Steven Spielberg is in full Amistad mode in Lincoln, and if nothing else, it’s nice to have his take on history once again unhoofed from a magical pony. It’s been a few years since ’97, so you may have forgotten how much the Speelzman enjoys him some semi-arcane historical political maneuvering as it relates to the legality of slavery. But boy does he! It fascinates him! For Spielberg, this is actually a good thing. On the rare occasion that Spielberg actually gets criticized these days, it’s usually on account of being a gooey hokey schmaltzy cheeseball. Nothing wrong with that, not everyone’s going to make films as subtle as Sofia Coppola, and thank God, but the biggest problem with cheesy hokum is that it can feel impersonal, like a director’s just telling the audience what they want to hear. And that becomes too broad, lacks personality, starts to feel like it was aimed at a composite of a person instead of a person, glossing over those little details and idiosyncrasies that give people, and movies, their individual charm. The best (and most surprising) thing about Lincoln is that it lets Spielberg indulge his more esoteric side, and it makes you remember that, oh right! This Steven Spielberg, he’s an actual person, and not just a series of focus-tested camera tricks, a chimera built of horse magic, child-like wonder and John Williams scores.
Rather than a broad biopic, Lincoln focuses on the final days of the Civil War, when Abe was trying to force the 13th amendment through a constipated House. Now, here’s where it gets complicated. Lincoln had already sort of freed the slaves with the Emancipation Proclamation. The problem with that – as Daniel Day-Lincoln explains during a meeting of his advisors – is that the emancipation was a war powers act, resting on the legal assumption that the president has the right to seize property from enemy nations. That assumption was in turn problematic because for one, it de facto legitimized the notion that slaves were property, and for another, it supported the Confederacy’s disputed notion that the Confederacy was a sovereign nation. Not to mention that the emancipation didn’t apply to the border states or territory already reclaimed by the Union, and once the South was part of the Union again, as everyone hoped it would be, the emancipation did nothing to outlaw slavery there. The emancipation was mostly a big F-you to the South that only freed about 50,000 of the country’s four million slaves. Furthermore, many border staters’ and northerners’ only interest in outlawing slavery was as a way to crush the South’s will† and end the war. If Lincoln didn’t get slavery outlawed before the end of the war, he worried that it’d never be resolved. With the 13th Amendment already through the Senate, Lincoln is the story of Abraham Lincoln horse-trading and cajoling the House to pass an amendment it had already rejected less than a year earlier.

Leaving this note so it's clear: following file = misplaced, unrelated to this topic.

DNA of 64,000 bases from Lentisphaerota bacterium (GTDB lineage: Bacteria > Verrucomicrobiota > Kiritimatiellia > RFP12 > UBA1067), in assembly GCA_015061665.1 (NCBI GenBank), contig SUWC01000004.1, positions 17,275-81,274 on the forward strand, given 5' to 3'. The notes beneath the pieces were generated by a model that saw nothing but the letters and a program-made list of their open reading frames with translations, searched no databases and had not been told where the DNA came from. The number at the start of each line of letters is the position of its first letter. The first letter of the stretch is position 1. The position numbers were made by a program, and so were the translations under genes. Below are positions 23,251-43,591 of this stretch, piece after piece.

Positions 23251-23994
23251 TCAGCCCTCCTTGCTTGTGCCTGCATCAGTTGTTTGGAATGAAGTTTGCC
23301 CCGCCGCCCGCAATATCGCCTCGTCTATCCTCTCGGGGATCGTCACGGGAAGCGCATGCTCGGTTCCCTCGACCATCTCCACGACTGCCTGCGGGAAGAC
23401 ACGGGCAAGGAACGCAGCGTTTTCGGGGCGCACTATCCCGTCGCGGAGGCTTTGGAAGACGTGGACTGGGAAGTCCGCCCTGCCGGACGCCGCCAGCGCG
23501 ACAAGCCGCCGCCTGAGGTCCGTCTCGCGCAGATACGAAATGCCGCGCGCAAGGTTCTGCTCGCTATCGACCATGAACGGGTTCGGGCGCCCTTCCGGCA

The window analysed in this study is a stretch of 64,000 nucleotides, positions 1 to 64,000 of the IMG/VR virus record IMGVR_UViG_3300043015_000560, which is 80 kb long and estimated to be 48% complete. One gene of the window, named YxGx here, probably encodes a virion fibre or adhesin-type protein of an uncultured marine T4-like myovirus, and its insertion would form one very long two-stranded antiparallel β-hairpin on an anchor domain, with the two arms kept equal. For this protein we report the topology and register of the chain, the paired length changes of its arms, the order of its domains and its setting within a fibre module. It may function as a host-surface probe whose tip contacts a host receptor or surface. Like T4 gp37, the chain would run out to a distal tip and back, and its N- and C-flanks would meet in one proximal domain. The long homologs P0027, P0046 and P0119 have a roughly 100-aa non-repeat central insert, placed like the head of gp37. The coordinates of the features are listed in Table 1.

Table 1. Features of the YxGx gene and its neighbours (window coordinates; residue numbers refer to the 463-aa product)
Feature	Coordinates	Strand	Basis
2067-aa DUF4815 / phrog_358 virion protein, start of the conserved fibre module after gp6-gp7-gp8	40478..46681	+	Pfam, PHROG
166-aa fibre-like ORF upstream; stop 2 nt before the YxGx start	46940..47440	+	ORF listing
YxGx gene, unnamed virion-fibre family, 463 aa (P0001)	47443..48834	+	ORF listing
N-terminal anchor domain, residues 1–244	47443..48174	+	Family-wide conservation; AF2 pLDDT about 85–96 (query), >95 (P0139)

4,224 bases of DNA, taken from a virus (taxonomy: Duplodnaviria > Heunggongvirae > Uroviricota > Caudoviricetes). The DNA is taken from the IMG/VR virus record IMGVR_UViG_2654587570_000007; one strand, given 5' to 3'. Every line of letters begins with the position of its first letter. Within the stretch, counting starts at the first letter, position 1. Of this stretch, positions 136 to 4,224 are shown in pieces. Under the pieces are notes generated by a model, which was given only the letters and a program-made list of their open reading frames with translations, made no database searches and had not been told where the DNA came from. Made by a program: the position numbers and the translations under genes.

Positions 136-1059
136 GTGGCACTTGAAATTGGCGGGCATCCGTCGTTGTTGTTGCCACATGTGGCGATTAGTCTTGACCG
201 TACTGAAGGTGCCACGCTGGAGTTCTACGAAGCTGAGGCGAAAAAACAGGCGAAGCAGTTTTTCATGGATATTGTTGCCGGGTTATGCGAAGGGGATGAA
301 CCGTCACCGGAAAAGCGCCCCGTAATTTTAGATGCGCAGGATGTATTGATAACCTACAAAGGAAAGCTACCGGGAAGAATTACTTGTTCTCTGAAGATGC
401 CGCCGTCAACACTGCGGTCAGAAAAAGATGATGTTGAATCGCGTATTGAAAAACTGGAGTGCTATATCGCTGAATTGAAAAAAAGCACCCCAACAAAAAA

It sounds arcane in theory, but in practice mostly involves foppish Southern Lawyers in wigs hurling old-timey insults at one another while their pals gather round, pounding their desks and straightening their waistcoats (read: awesome). No one does crotchety curmudgeonarian like Tommy Lee Jones, and Jones as be-wigged pro-equality congressman Thaddeus Stevens calling Lee Pace’s preening Copperhead a “nincompoop” and a “slime mold” on the floor of the House is endlessly watchable. I’d pay Tommy Lee Jones ten dollars to dress me down in front of my friends. Likewise, James Spader plays a weaselly roustabout with a twirly magician ‘stache whose job is to bribe lame-duck congressman with money and patronage in exchange for their yes vote on the amendment, a highly-watchable process that involves preening, mustaches, waistcoats, and the occasional pocket watch.